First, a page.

When Father Andrew makes sea salt, he uses a traditional process he learned from his Eastern Orthodox brothers on Mount Athos. He won’t divulge the fine details of the process. “Only three members of our brotherhood know the specifics,” Father Andrew explains. But he’s willing to lay out the broad strokes.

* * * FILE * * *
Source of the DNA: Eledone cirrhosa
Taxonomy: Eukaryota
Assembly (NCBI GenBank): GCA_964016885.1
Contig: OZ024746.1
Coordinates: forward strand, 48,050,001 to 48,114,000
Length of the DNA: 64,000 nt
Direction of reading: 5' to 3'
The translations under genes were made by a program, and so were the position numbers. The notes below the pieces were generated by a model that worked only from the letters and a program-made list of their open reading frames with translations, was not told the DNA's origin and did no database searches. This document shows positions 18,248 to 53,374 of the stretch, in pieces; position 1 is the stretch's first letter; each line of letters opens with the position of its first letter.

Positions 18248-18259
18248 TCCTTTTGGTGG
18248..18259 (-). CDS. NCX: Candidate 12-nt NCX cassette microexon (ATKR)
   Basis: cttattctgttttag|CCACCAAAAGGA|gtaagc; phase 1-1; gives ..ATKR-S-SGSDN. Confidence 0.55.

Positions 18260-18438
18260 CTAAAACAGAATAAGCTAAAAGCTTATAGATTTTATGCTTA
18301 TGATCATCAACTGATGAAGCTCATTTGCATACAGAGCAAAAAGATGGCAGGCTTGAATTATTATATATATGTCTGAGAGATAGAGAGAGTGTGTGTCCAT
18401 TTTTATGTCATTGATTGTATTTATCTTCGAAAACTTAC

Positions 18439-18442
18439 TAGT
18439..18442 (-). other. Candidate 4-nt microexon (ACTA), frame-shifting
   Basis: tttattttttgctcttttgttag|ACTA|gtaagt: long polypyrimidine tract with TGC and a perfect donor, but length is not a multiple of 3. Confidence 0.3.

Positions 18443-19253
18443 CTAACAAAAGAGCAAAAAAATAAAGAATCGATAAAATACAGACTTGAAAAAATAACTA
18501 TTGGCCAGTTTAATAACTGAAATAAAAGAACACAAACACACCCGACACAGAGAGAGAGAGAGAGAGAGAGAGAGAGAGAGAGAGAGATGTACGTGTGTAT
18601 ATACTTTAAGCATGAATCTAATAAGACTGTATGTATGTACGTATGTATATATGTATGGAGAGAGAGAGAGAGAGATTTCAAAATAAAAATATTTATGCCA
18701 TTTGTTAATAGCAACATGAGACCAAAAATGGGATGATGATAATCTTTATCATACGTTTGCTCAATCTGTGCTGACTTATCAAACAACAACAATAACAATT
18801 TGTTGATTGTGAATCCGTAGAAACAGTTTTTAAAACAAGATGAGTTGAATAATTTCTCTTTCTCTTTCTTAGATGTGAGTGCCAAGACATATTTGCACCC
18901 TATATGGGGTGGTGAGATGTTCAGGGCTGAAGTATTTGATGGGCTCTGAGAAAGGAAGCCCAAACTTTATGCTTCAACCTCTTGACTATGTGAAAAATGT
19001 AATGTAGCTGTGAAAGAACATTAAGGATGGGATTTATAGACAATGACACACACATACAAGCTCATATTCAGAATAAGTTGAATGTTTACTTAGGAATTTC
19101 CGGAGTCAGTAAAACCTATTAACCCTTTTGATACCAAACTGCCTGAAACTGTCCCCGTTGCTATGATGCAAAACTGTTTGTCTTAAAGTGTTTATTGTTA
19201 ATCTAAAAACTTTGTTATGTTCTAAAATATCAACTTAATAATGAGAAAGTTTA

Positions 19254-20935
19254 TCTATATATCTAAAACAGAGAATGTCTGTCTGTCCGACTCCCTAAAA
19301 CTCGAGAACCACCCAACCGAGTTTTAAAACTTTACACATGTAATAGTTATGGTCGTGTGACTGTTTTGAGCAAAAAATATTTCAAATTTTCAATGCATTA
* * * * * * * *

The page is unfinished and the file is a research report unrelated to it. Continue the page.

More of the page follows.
First step: select and collect seawater, which he does from up to 20 different locations around Marblehead. This is the base of his salt. “Just like you would have a center chord in a song, like Pachelbel’s Canon in G, for example,” he says. “And then on top of that, we layer the different kinds of minerals, to tease out the main note.” This means adding more seawater, from any number of locations, depending on tide, temperature, and season. He brings it back to his saltern, a small building next to Father Andrew’s house in a quiet residential neighborhood in Marblehead, to blend the water “much like a blended whiskey.” Next, he slowly and carefully reduces the water down. On the holy mountain in Greece, says Father Andrew, they did this in iron pans heated over branches that had fallen off of nearby trees. But in Marblehead, he had to devise a more modern way: enameled cast-iron pots, induction boilers, and rack ovens. It’s a 27-step process, he says, involving measuring, adjusting, and resting. (He claims that periodic resting allows the salt to form its crystals.) The process takes about 2½ days per batch.